Q&A with Portfolio Manager Andrew Braun and Co-Portfolio Manager Barbara Browning
Andrew Braun and Barbara Browning joined the Pax World team as Portfolio Manager and Co-Portfolio Manager respectively of the Pax Large Cap Fund in September 2017. In this interview, Mr. Braun and Ms. Browning discuss their investment strategy, sustainable investing and their views on the market.
Q: What are the attributes that make the Pax Large Cap Fund distinctive?
Andrew Braun (AB): We feel there are three core aspects of our strategy which help set the Fund apart from peers. First, we construct the portfolio to maximize alpha from stock selection, as opposed to relying on sector bets. Second, the portfolio is highly curated into 40 to 60 stocks that we believe are some of the best-managed companies in the U.S. This portfolio concentration enables us to know our companies well and emphasize our best ideas. Third, our proprietary Pax Sustainability Score is fully integrated into our stock selection and portfolio construction, adding true environmental, social and governance (ESG) intentionality to the portfolio, which we believe helps enhance alpha and reduce long-term risk.
Q: What are some of the specific things you are looking for in a company?
Barbara Browning (BB): We generally look for companies with one or more catalysts that we believe will lead to either an increase in profitability or revaluation over a 12- to 18-month time frame. A catalyst can come in the form of an improvement in the company’s operating environment, a change in management, a new product cycle, or enhanced capital allocation.
Over a longer time horizon, we want to be invested in companies that are positioned to benefit from the transition to a more sustainable global economy. Companies with strong sustainability attributes are not only better equipped to reduce risks but are also often focused on fast growing products and services that are transforming their respective sectors and industries.
Q: Can you provide details on how you incorporate ESG issues into the investment strategy?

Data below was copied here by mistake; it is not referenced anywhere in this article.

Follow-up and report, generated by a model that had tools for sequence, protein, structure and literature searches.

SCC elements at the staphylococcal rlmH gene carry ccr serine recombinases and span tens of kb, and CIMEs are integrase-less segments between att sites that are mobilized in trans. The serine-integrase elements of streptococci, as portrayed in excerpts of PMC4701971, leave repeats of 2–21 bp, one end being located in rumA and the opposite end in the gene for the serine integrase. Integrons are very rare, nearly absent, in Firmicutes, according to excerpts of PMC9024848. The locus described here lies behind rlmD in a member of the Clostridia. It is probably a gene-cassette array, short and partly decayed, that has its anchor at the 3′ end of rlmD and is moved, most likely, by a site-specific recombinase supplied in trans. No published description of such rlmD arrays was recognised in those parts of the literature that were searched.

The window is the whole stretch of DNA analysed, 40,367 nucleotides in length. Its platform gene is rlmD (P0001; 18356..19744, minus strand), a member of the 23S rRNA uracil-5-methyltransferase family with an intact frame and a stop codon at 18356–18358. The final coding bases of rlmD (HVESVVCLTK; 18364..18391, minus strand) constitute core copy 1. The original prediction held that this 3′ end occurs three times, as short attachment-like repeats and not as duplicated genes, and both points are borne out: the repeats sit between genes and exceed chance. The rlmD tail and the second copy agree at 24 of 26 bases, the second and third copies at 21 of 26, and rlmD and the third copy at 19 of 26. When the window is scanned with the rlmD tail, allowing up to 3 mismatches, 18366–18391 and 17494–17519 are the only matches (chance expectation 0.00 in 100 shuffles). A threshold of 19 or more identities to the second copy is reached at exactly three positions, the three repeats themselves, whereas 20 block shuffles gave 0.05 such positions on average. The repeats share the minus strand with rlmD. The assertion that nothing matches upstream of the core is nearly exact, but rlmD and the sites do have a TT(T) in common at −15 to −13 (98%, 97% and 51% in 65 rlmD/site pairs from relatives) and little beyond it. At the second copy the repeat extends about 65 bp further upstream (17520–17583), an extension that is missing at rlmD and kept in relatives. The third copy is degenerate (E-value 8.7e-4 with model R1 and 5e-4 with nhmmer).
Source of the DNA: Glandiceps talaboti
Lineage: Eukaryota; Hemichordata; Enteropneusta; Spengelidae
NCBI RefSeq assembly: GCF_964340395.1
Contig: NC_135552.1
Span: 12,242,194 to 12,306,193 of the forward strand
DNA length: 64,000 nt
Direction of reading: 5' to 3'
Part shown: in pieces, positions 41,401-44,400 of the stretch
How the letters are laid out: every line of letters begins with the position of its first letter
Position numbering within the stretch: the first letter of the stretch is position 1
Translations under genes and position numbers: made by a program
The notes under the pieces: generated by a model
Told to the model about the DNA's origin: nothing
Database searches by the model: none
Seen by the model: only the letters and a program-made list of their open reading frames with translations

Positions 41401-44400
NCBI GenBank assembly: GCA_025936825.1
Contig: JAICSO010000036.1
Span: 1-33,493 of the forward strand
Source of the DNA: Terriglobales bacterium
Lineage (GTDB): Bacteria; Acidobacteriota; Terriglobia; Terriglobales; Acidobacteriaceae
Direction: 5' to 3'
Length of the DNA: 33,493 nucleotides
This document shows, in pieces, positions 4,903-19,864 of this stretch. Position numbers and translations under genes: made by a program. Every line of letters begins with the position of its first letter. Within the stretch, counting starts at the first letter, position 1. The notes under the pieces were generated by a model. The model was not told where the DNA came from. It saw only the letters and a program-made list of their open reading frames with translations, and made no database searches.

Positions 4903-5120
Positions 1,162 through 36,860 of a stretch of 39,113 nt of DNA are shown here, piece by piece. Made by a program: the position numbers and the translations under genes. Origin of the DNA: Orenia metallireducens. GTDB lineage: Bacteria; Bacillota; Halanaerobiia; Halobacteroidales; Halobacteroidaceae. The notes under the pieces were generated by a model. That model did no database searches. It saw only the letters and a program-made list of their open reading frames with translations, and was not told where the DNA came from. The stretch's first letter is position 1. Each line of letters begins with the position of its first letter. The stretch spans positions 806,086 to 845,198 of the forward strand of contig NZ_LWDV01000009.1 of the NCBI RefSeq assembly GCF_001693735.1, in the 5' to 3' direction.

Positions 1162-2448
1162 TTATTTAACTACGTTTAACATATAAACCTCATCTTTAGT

BB: We prioritize research towards companies with proprietary Pax ESG scores in the top half of the Russell 1000 Index and seek to maintain an average portfolio score of 7 or above on a 1 to 10 scale. From a thematic standpoint, we also look favorably on companies that focus on such issues as energy efficiency, water quality solutions, and gender equality.
On an ongoing basis, we monitor the ESG scores of the companies in the portfolio, and we want to see stable to improving scores for the majority of the portfolio. Companies with deteriorating ESG scores are placed on a watch list and monitored closely, while companies that score in the bottom quartile are sold from the portfolio.
Q: Can you provide examples of the way sustainability risks can translate into compelling investment opportunities?
AB: We think heating, ventilation, and air conditioning (HVAC) system providers are a compelling investment opportunity over the next few years. Half of all greenhouse gases are emitted by buildings, so advances in HVAC systems are critical to effectively managing global warming. In addition, 80-90% of the cost of an HVAC system is from its energy use. Manufacturers producing more energy-efficient systems have an opportunity to gain market share and drive cost benefits for customers.
Another notable example is the electrification of vehicles and movement toward autonomous driving. The electrification of vehicles reduces emissions and reliance on oil, while growth of autonomous vehicles has the potential to reduce the number of vehicles on the road through ride sharing and fleet sales. As the auto industry transitions over the next decade, the suppliers of specialized auto components should grow both revenue and operating margin from increased components per vehicle.